A remarkable thing about new technologies in the Roman period is that their creation and spread seem to have been driven by the state. This is good news, until the government decides that it is not interested in technological development—an all-too-common occurrence due to the fear of creative destruction. The great Roman writer Pliny the Elder relates the following story. During the reign of the emperor Tiberius, a man invented unbreakable glass and went to the emperor anticipating that he would get a great reward. He demonstrated his invention, and Tiberius asked him if he had told anyone else about it. When the man replied no, Tiberius had the man dragged away and killed, “lest gold be reduced to the value of mud.” There are two interesting things about this story. First, the man went to Tiberius in the first place for a reward, rather than setting himself up in business and making a profit by selling the glass. This shows the role of the Roman government in controlling technology. Second, Tiberius was happy to destroy the innovation because of the adverse economic effects it would have had. This is the fear of the economic effects of creative destruction.

There is also direct evidence from the period of the Empire of the fear of the political consequences of creative destruction. Suetonius tells how the emperor Vespasian, who ruled between AD 69 and 79, was approached by a man who had invented a device for transporting columns to the Capitol, the citadel of Rome, at a relatively small cost. Columns were large, heavy, and very difficult to transport. Moving them to Rome from the mines where they were made involved the labor of thousands of people, at great expense to the government. Vespasian did not kill the man, but he also refused to use the innovation, declaring, “How will it be possible for me to feed the populace?” Again an inventor came to the government. Perhaps this was more natural than with the unbreakable glass, as the Roman government was most heavily involved with column mining and transportation. Again the innovation was turned down because of the threat of creative destruction, not so much because of its economic impact, but because of fear of political creative destruction. Vespasian was concerned that unless he kept the people happy and under control it would be politically destabilizing. The Roman plebeians had to be kept busy and pliant, so it was good to have jobs to give them, such as moving columns about. This complemented the bread and circuses, which were also dispensed for free to keep the population content. It is perhaps telling that both of these examples came soon after the collapse of the Republic. The Roman emperors had far more power to block change than the Roman rulers during the Republic.

Another important reason for the lack of technological innovation was the prevalence of slavery. As the territories Romans controlled expanded, vast numbers were enslaved, often being brought back to Italy to work on large estates. Many citizens in Rome did not need to work: they lived off the handouts from the government. Where was innovation to come from? We have argued that innovation comes from new people with new ideas, developing new solutions to old problems. In Rome the people doing the producing were slaves and, later, semi-servile coloni with few incentives to innovate, since it was their masters, not they, who stood to benefit from any innovation. As we will see many times in this book, economies based on the repression of labor and systems such as slavery and serfdom are notoriously noninnovative. This is true from the ancient world to the modern era. In the United States, for example, the northern states took part in the Industrial Revolution, not the South. Of course slavery and serfdom created huge wealth for those who owned the slaves and controlled the serfs, but it did not create technological innovation or prosperity for society.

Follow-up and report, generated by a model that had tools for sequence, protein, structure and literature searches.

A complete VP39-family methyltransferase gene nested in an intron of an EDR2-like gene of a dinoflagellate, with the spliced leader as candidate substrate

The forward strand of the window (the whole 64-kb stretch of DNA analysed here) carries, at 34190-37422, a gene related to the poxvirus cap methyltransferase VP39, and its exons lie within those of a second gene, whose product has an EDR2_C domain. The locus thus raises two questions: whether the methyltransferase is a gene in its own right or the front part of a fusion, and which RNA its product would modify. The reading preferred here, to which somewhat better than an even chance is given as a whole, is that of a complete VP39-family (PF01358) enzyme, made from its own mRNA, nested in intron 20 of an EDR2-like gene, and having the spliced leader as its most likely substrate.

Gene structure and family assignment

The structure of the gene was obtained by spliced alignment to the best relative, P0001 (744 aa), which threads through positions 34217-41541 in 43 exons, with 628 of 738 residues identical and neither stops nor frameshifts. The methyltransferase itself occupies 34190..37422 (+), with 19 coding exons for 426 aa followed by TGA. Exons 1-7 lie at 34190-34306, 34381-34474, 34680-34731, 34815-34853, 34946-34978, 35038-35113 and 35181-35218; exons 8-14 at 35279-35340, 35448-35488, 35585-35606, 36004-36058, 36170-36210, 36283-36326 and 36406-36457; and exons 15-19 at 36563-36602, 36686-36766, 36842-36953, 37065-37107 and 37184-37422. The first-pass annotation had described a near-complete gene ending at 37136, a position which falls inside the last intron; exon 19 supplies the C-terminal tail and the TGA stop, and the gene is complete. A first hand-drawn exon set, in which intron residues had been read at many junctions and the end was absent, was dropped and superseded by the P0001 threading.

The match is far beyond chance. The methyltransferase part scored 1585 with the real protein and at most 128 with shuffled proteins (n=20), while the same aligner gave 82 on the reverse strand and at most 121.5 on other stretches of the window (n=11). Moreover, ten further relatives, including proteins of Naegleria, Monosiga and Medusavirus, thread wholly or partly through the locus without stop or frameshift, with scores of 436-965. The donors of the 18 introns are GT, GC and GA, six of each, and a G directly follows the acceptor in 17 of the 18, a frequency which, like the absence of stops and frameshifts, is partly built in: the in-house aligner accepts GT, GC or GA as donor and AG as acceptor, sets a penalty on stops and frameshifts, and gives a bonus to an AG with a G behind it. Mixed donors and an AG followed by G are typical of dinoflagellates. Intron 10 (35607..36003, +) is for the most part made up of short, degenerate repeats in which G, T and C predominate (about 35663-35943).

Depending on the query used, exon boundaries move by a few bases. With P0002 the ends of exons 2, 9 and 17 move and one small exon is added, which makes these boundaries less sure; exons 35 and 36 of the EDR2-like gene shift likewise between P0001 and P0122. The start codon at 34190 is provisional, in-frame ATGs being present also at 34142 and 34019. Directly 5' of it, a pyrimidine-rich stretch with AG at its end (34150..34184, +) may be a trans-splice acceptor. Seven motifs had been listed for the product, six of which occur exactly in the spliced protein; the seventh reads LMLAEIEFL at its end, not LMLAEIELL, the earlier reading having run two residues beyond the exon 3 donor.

By AD 43 the Roman emperor Claudius had conquered England, but not Scotland. A last, futile attempt was made by the Roman governor Agricola, who gave up and, in AD 85, built a series of forts to protect England’s northern border. One of the biggest of these was at Vindolanda, thirty-five miles west of Newcastle and depicted on Map 11 at the far northwest of the Roman Empire. Later, Vindolanda was incorporated into the eighty-five-mile defensive wall that the emperor Hadrian constructed, but in AD 103, when a Roman centurion, Candidus, was stationed there, it was an isolated fort. Candidus was engaged with his friend Octavius in supplying the Roman garrison and received a reply from Octavius to a letter he had sent:

Octavius to his brother Candidus, greetings.I have several times written to you that I have bought about five thousand modii of ears of grain, on account of which I need cash. Unless you send me some cash, at least five hundred denarii, the result will be that I shall lose what I have laid out as a deposit, about three hundred denarii, and I shall be embarrassed. So, I ask you, send me some cash as soon as possible. The hides which you write are at Cataractonium—write that they be given to me and the wagon about which you write. I would have already been to collect them except that I did not care to injure the animals while the roads are bad. See with Tertius about the 8½ denarii which he received from Fatalis. He has not credited them to my account. Make sure that you send me cash so that I may have ears of grain on the threshing-floor. Greet Spectatus and Firmus. Farewell. The correspondence between Candidus and Octavius illustrates some significant facets of the economic prosperity of Roman England: It reveals an advanced monetary economy with financial services. It reveals the presence of constructed roads, even if sometimes in bad condition. It reveals the presence of a fiscal system that raised taxes to pay Candidus’s wages. Most obviously it reveals that both men were literate and were able to take advantage of a postal service of sorts. Roman England also benefited from the mass manufacture of high-quality pottery, particularly in Oxfordshire; urban centers with baths and public buildings; and house construction techniques using mortar and tiles for roofs.